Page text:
A LOT OF RUBLES
I thoroughly enjoyed William Oscar Johnson's intriguing account of the high-powered negotiations between the Soviet Union and the three major American television networks for the TV rights to the 1980 Olympic Games (A Contract with the Kremlin, Feb. 21). It was interesting to learn how completely the Soviets' ideological disdain for capitalism and profiteering vanishes when they are the ones who stand to make the better part of $85 million.
Now that NBC has agreed to pay this exorbitant sum on behalf of all of us who watch their programs and buy the products of their sponsors, it will take a super effort on the network's part to give us our money's worth. On the other hand, if NBC can handle the Olympics with the excellence that we have become accustomed to, thanks to the previous efforts of ABC, the price of $85 million may prove to be a bargain.
Ann Arbor, Mich.
Please send copies of your Feb. 21 issue to President Jimmy Carter and Secretary of State Cyrus Vance with my compliments and bill me accordingly. The article should be required reading for anyone contemplating negotiations with the Russians.
RAYMOND C. STEUART
Lenin said the capitalists would sell the rope that would be used to hang them. He was wrong. NBC has bought it.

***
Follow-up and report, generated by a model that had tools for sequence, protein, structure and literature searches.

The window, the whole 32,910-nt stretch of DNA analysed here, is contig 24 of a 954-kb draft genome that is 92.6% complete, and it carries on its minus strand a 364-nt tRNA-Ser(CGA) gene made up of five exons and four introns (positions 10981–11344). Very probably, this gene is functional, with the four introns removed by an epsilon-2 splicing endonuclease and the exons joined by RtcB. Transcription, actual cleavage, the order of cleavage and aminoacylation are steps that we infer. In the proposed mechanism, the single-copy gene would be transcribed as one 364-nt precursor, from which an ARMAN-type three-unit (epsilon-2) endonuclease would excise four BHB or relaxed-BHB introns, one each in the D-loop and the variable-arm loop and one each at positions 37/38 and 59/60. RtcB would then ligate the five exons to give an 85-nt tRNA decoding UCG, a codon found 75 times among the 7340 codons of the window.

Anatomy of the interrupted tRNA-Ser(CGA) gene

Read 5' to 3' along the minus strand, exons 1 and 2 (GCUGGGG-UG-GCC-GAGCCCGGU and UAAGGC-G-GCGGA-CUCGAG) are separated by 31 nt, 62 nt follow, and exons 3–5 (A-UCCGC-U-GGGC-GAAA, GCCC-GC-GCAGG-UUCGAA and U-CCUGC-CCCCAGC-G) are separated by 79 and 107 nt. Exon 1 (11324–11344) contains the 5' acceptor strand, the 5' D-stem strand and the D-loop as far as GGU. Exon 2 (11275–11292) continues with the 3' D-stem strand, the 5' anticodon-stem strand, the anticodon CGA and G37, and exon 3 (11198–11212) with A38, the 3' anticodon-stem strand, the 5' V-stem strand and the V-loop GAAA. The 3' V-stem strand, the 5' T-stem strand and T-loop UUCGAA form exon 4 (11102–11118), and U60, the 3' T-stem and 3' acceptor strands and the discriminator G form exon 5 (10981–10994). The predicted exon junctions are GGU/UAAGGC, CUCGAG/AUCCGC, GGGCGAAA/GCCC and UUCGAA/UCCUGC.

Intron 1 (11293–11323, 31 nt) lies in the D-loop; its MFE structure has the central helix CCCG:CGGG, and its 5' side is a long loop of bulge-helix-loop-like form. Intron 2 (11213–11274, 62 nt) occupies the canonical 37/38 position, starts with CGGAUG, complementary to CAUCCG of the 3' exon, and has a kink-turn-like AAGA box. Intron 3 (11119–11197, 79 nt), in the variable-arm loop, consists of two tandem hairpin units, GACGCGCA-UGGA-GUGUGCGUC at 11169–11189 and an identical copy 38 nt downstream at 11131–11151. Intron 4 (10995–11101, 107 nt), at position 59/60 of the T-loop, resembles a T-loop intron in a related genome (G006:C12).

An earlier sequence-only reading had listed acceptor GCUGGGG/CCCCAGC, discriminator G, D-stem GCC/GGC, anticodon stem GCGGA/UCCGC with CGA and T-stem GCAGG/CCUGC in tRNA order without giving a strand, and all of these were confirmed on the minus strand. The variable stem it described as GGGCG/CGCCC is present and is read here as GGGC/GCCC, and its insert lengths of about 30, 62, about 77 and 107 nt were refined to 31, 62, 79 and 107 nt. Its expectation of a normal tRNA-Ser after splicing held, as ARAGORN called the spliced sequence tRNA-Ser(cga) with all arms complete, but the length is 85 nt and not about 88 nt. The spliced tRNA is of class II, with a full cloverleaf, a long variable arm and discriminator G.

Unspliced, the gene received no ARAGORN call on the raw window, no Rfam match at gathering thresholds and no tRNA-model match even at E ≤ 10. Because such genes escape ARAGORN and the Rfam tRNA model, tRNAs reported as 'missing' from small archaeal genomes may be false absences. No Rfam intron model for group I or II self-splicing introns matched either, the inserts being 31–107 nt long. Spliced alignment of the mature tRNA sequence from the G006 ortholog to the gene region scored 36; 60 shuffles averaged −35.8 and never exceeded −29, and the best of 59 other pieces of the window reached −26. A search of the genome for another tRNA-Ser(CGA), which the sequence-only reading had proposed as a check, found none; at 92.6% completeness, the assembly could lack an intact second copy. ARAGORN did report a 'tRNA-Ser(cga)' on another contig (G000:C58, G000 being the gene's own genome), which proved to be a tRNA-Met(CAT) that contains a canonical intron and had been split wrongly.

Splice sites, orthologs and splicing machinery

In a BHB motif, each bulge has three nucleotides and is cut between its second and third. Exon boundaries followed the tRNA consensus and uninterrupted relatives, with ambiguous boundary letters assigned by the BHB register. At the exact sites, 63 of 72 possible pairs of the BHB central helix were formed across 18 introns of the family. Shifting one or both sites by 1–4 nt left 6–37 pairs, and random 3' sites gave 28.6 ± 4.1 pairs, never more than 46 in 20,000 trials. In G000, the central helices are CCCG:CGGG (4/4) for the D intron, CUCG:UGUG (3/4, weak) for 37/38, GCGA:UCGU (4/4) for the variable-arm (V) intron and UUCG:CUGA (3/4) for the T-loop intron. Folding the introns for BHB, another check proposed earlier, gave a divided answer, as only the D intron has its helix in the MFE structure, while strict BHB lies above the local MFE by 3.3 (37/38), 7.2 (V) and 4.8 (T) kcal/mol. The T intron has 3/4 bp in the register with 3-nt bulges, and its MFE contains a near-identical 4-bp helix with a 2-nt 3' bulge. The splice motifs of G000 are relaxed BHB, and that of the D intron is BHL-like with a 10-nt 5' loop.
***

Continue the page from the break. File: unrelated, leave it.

MARK E. MEDVETZ
Another Russian wheat deal.
Your article portrays the supposedly shrewd network executives as overeager, opportunistic, bumbling lads overstuffed with a sense of their mission and self-importance. It is time to justify the purpose and expense of such nonsense. The overpriced, political and/or big-business sham that quadrennially masquerades as the Olympic Games is nothing more than a vaudeville show from which the participants graduate to the big time. It is an unfortunate commentary on the state of our world community and its regard for the ideals of the Games.
(THE REV.) JONATHAN ALMOND
North Kingstown, R.I.
I'm afraid that 1980 will be it for the Olympics. Nobody will be able to afford the Games anymore.
I am appalled by the deplorable manner in which our television networks were treated by the Russians. It is disgusting to think that we would stoop to the sleazy Soviet demands. I admire the CBS people for their turndown of the deal when they had it for the asking. I have contempt for NBC for rushing in to grab it. May NBC lose its shirt.
TERRY N. ANDERSON
The so-called surprise winner of the 1980 Olympic television deal is in reality the loser. ABC and CBS are the victorious ones. The eventual impact of the totally unrealistic $85 million shelled out by NBC will be on the consumer, so in essence we, too, are losers.
But the Russians are the main source of my disgust. They treated the networks like dirt. I just wish our networks had had the foresight to pool their negotiating power and resources to get a realistic cost figure, to make the Russians bargain on our terms.
MARK R. WINTERS
JOHN E. MADDUX
State College, Pa.